8.  More comes forward and less moves back - therefore, if you want something to "come forward" in the painting then add more detail 
9.   White always cools
10.  Simplify! 

And......Make your darks darker ----she said this quite often to our class.  

You can find her lovely work at

Friday, October 4, 2013

The Elephant - SOLD

Some of my Alabama Roll-Tide friends wrote to me after I posted the Tiger and requested I try an Elephant.  Those of you who know my husband know that I had to go out on the back deck to paint this.  I am so fortunate to have some wonderful friends who travel to exciting places and they are good photographers so I get some good reference photos.

Friday, September 27, 2013

The Tiger - SOLD

My husband loves Auburn and the mascot for Auburn is the Tiger.  He spends a lot of time watching football and during those games, I spend a lot of time painting.  This is a 16 " x 20" gallery wrapped original oil painting.  The reference photo I used came from Angeline Rijkeboer.   I plan on painting an Elephant next - in honor of Alabama fans. 

Sunday, September 22, 2013

MaMa! - NFS

If you are a mother you might remember your children waking up (usually way too early) and calling you from their crib ---"MaMa!"   This little baby hummingbird is awake and hungry.   This one is dedicated to Allie --my daughter.

8" x 10" oil on linen

Contemplating Leaving - SOLD

I mentioned that I know the hummingbirds will be leaving soon and this is my interpretation of a little one contemplating the time to leave.  This is an 8" x 10" oil on linen.

Sweet - SOLD

  I love hummingbirds and I have a feeder outside my office window.  If it becomes empty, the hummingbirds will come to the window and "hover" there.  Truly!  They occasionally fight over their place at the feeder and this week I had to encourage two sparrows to leave!  I know they will be leaving soon and I will miss them.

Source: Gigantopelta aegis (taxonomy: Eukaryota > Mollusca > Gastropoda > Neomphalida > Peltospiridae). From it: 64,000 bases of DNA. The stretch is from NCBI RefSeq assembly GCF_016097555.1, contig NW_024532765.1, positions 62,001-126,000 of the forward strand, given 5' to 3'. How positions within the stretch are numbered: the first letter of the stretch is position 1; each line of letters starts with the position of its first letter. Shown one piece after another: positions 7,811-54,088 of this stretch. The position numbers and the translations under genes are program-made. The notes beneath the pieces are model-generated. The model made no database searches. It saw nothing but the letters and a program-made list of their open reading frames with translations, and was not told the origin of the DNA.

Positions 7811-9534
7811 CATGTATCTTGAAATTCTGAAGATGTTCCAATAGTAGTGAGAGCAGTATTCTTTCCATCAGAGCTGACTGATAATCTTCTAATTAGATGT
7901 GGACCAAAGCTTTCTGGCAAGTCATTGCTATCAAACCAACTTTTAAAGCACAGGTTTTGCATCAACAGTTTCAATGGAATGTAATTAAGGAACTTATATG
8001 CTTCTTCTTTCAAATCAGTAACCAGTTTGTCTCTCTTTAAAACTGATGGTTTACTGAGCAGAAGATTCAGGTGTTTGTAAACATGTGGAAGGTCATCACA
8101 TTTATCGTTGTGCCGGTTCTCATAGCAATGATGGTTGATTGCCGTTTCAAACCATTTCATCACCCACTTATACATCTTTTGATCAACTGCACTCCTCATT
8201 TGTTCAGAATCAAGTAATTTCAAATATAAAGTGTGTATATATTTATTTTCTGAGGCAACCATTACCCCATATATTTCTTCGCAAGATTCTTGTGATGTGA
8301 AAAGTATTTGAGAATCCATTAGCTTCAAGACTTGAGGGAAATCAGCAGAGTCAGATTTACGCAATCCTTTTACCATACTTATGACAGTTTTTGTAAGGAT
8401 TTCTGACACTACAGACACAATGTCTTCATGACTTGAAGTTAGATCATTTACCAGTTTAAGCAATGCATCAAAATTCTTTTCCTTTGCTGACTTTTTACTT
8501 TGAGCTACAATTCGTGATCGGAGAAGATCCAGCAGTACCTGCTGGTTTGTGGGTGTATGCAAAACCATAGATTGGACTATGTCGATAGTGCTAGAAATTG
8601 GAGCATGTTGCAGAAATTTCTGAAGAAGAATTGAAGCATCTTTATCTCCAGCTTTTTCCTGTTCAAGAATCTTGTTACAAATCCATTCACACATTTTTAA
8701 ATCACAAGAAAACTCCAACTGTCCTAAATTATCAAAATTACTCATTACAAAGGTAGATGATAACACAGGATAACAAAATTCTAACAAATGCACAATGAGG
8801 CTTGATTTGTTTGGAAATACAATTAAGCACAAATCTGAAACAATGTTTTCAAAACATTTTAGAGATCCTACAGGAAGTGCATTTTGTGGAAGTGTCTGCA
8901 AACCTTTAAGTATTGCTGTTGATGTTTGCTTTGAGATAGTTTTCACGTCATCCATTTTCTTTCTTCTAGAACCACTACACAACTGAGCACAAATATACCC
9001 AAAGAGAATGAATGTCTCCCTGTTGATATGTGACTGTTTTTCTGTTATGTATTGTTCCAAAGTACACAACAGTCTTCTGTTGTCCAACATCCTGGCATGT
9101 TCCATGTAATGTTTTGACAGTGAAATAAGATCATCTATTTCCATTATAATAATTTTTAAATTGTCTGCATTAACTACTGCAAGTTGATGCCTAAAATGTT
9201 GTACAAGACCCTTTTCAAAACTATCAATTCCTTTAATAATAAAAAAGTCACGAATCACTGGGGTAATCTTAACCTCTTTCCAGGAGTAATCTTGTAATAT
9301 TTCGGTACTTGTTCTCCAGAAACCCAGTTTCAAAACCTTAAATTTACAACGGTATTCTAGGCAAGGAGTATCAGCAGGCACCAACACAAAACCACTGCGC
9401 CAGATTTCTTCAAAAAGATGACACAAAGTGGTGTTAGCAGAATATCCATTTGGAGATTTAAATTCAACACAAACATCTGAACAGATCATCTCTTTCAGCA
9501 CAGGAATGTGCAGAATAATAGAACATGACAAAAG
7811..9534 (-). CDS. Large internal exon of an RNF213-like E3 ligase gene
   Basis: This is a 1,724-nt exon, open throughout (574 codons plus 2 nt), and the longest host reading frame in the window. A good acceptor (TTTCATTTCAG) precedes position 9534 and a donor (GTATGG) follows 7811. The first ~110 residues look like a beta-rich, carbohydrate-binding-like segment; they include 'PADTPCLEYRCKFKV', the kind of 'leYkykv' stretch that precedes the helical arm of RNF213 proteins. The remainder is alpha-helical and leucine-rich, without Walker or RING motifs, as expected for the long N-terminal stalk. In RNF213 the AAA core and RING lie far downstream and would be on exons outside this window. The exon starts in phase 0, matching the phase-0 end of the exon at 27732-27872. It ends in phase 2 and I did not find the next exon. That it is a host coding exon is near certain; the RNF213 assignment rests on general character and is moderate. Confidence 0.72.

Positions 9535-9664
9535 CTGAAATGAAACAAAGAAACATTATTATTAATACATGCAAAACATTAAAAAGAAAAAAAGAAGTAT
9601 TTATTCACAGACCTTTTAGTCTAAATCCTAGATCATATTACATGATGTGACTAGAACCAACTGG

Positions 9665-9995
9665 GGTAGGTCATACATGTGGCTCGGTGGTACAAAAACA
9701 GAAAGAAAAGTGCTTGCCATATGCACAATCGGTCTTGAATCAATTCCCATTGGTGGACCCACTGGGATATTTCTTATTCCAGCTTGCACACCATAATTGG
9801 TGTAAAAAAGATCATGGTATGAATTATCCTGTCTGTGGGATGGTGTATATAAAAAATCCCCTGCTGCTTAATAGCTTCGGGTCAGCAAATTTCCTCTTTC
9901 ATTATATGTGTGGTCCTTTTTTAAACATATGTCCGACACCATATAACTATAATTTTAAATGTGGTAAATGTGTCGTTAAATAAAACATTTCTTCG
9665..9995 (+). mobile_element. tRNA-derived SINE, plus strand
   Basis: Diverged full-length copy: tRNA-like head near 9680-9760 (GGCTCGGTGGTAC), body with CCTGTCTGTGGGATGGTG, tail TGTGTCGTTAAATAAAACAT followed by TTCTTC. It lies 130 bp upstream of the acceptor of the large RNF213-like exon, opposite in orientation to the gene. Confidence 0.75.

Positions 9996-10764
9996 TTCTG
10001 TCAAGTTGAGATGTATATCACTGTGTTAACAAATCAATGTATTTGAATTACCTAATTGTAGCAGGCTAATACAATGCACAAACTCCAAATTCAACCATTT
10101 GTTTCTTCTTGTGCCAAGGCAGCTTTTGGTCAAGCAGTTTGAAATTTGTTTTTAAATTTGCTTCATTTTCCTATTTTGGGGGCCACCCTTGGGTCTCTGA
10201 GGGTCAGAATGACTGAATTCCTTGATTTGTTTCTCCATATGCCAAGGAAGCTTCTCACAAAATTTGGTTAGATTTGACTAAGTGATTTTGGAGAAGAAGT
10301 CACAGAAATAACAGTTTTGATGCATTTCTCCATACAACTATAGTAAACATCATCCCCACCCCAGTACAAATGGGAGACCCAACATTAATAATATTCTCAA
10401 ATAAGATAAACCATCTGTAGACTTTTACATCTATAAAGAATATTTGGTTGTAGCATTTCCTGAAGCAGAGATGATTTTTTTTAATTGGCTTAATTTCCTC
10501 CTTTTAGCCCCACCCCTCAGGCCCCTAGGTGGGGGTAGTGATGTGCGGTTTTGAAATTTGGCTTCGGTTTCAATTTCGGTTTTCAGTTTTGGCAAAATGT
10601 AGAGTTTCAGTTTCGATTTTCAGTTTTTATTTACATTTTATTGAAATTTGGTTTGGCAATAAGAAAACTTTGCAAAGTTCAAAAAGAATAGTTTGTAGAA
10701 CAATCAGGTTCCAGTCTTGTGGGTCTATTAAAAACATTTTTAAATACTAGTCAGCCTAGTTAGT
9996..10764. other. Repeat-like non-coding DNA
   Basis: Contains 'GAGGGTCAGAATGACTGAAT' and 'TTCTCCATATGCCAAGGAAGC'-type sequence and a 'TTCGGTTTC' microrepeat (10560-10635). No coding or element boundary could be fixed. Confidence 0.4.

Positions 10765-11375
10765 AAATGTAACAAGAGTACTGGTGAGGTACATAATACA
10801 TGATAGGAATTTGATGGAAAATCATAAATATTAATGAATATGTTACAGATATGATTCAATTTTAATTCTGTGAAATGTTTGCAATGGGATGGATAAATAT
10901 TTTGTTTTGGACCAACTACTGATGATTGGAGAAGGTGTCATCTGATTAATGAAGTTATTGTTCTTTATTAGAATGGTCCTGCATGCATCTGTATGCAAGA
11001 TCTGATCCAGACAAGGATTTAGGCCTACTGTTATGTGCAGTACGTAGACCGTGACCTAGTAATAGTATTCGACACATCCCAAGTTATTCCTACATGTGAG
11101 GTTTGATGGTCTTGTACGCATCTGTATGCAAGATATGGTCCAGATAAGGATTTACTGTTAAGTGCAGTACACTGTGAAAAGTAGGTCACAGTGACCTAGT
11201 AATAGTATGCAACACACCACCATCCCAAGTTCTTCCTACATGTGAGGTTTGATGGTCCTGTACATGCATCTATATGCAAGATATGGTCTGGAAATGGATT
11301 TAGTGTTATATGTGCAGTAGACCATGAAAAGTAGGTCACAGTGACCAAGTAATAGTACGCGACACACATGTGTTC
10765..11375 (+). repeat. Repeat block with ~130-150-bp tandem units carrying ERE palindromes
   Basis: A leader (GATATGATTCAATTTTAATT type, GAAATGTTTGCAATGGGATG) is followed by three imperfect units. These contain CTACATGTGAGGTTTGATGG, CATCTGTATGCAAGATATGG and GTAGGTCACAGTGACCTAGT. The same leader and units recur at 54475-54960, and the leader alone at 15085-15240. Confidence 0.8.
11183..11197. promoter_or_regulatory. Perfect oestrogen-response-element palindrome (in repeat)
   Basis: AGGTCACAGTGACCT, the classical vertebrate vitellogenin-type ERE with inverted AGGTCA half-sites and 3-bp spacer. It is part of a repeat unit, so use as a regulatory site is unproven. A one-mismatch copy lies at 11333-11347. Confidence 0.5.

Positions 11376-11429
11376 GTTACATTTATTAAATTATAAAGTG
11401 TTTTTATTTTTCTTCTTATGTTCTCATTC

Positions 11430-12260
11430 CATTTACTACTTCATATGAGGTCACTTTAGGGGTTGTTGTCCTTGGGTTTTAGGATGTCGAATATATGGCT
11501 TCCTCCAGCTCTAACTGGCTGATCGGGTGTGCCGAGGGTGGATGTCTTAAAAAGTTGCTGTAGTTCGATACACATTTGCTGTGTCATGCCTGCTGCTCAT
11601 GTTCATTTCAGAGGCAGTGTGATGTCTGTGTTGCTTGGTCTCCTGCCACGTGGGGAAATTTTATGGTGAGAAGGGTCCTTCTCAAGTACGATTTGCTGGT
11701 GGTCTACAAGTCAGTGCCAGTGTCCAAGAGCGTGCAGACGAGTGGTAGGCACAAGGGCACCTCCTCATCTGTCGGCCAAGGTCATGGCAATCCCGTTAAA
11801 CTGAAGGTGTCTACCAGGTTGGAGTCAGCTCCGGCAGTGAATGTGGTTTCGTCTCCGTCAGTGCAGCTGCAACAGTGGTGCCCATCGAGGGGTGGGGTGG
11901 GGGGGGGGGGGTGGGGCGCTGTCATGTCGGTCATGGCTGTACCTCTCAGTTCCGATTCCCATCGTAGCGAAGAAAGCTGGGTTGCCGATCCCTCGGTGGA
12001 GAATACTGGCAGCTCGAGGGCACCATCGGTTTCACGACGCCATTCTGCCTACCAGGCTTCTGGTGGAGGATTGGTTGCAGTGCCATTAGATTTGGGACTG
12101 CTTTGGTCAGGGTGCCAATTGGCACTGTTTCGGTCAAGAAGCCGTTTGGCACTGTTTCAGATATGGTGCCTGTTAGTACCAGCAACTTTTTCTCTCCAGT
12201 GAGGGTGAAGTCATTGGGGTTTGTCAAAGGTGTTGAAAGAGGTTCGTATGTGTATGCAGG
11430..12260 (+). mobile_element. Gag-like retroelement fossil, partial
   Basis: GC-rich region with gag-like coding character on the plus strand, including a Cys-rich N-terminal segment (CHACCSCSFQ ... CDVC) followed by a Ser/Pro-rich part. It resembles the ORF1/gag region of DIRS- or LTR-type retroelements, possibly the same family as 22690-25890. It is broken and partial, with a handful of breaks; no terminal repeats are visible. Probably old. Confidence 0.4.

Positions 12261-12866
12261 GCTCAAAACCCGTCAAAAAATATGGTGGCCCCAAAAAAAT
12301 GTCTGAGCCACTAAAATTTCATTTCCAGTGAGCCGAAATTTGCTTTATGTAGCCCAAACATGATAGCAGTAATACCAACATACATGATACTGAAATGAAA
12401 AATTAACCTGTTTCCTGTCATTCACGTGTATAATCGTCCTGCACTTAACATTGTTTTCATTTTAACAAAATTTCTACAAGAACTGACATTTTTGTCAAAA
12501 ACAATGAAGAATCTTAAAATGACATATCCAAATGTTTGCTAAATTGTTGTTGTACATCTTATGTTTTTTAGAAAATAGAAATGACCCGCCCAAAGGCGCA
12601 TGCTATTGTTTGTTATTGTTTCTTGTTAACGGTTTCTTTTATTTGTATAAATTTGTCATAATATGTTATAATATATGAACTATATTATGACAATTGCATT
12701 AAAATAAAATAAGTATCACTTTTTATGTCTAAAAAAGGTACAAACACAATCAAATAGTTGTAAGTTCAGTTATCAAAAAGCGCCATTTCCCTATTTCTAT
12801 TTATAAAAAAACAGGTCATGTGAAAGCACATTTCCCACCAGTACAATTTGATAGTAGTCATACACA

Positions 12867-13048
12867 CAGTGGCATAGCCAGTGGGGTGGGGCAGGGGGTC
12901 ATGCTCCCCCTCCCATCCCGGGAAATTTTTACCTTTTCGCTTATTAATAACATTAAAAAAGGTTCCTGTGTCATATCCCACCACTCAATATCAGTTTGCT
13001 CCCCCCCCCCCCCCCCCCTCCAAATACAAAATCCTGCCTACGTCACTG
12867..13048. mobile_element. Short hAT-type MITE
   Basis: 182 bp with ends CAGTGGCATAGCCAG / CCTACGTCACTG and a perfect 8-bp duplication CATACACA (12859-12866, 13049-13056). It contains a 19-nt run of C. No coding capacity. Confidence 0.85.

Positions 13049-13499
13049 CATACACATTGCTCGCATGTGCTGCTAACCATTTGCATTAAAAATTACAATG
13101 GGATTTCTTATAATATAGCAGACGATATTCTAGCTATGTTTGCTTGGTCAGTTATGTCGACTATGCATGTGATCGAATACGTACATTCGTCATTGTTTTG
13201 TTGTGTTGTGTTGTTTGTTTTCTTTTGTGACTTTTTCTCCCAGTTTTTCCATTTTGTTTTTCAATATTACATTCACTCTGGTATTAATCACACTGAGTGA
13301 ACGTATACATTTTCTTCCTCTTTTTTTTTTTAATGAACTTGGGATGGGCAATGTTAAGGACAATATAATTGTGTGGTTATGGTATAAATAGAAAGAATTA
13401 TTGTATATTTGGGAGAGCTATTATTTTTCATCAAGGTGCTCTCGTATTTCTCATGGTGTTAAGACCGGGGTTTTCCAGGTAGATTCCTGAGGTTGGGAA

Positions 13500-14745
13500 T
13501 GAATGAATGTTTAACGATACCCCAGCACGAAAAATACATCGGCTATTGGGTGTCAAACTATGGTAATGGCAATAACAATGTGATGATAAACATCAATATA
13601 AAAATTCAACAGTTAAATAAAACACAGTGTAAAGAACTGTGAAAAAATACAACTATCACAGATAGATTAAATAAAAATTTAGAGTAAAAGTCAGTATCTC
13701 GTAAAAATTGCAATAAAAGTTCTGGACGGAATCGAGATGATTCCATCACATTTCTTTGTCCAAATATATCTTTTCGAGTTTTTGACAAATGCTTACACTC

Saturday, September 21, 2013

The Cat's Meow - SOLD

What a great rainy day for painting with the exception that I have moved outside to the deck - got rained on  - moved back inside to my art "corner" then outside again.....but a great day --- it is the Cat's Meow of a day...This painting is a 8" x  10" on linen painted with oils using brushes and a palette knife..I am headed to the Art Colony in a week to paint non stop for a week with the artist in residence, Nancy Chaboun and many of my artists friends from all over whom I meet with every year.  Can't wait - hope to have some new paintings completed. 

Sunday, September 8, 2013

Sunday, September 1, 2013

Labor Day - SOLD

Beautiful Labor Day on Lake Martin!   I am so glad I have gotten a chance to be home long enough to paint.  I have been working out of town a lot and I have been committed to completing a portrait of a friend's child.  I finally finished that portrait today.  I have carried this child around with everywhere trying to "get to know him" before I could actually paint his portrait.  He has gone with me to California and he has kept me company while I have been on the treadmill and many airplanes.  Today he said, "OK - enough" so I took the opportunity to go outside on my deck and paint plein air.

Sunday, July 21, 2013

Sunday, July 7, 2013

Summertime and The Living is Easy - SOLD

I love the beach and I recently had the opportunity to be on the beach with some wonderful friends ----the living was easy and I was so inspired to try and capture the moments.  This is an 8" x 10" oil painting on gallery canvas. The sides are  1 1/2" wide with the painting continued on the sides, therefore it does not need a frame unless you want to frame it.

Wednesday, July 3, 2013

Robin's Nest -Gifted

One of my friends asked for a painting to honor the memory of her friend.  She is in the process of furnishing a room in a shelter that will be called Robin's Nest.  I chose a robin who is singing. 

Wednesday, June 5, 2013

The Metropolitan Museum of Art